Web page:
The second of seven blogs
HERE COMES RALEIGH
Raleigh talked about the “Merchant Marines.” I never learned why he signed on to sail the seas but this became his livelihood. World war two was then a recent memory and the sea lanes were safe again, leading to almost anywhere in the world. My childhood memories are that he hit every port in which a ship could dock. He did not, of course, but Raleigh could make you think that he had done so, multiple times. With every arrival at our house, there was always the new tales of adventure. We loved it!
This country boy could never have imagined what would happen later in this story. To me it is unreal that I can now cross the Tombigbee River at Pickensville via a bridge and launch my boat at the Raleigh Ryan Access Area. Yep! That’s the same Raleigh Ryan. Well, maybe the same person but one who had mellowed over the years.
Raleigh eventually tired of his nomadic way and deserted his seafaring life and downsized his vessel to a riverboat. There was a need for someone to operate the ferry across the Tombigbee at Pickensville and Raleigh was the natural candidate to fill the position. The year was 1951, and he stayed at this job until 1979 when the waterway bridge called for an end to ferry service at Pickensville. He was the only person to lose his job because of the waterway.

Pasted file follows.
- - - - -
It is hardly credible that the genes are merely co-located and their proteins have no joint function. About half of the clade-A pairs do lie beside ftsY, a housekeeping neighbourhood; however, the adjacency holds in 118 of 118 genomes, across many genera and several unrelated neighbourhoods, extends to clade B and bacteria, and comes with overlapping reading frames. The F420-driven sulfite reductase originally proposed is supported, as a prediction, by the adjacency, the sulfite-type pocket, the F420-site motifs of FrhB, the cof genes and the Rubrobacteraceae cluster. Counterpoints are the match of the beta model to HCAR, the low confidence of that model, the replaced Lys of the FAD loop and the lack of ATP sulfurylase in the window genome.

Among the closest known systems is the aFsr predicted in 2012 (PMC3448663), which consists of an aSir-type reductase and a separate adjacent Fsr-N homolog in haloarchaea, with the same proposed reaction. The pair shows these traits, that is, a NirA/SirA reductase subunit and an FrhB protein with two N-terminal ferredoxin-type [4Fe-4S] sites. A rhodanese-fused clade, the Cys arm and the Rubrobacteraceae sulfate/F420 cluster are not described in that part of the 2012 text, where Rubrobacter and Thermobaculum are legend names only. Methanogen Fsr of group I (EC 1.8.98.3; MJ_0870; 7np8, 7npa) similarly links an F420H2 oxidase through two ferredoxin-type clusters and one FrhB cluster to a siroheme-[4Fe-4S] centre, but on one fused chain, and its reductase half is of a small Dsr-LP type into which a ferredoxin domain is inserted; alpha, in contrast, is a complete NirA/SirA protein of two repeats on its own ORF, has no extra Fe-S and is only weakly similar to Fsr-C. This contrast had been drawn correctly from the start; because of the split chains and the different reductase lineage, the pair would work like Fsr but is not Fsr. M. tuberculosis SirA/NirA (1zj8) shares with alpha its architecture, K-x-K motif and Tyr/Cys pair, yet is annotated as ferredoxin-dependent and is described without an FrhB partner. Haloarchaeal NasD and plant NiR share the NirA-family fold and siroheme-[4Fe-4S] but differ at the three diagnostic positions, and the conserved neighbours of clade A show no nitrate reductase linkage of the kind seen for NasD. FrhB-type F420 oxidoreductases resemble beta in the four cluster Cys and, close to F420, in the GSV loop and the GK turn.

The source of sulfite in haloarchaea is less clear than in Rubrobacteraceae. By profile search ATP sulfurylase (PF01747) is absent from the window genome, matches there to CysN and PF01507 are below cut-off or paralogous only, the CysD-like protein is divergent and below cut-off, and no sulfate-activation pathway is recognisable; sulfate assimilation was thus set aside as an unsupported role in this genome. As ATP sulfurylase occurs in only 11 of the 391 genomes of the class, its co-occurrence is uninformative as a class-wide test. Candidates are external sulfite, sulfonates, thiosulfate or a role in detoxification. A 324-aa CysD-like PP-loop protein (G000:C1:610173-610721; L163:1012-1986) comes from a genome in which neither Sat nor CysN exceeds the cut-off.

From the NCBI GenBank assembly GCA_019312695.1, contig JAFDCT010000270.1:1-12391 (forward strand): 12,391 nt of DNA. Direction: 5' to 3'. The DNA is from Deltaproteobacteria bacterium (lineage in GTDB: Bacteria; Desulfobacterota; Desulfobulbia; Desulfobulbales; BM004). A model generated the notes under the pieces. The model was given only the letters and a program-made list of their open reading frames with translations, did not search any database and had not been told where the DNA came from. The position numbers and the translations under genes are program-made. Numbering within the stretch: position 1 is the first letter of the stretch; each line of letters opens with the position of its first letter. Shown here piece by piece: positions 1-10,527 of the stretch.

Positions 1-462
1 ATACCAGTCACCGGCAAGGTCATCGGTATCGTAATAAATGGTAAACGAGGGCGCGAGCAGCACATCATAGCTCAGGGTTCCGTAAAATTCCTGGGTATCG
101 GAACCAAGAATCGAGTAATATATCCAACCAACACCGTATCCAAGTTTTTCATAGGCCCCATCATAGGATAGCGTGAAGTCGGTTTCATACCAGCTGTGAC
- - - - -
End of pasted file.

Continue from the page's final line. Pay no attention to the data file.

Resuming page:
Raleigh was given a new job by the Tenn-Tom’s service contractor on the snag boat Montgomery which is moored behind the Tom Bevill Visitor’s Center in Aliceville. He was a popular host at this exhibit. In 1988 he officially bade goodbye to a livelihood on the water. After working a total of 37 years on the river that he loved, he was not ready to go home to his rocking chair! The remainder of his life he could be seen frequently talking to park visitors, spinning tales of past adventures and sharing his vast knowledge of the historic Tombigbee River.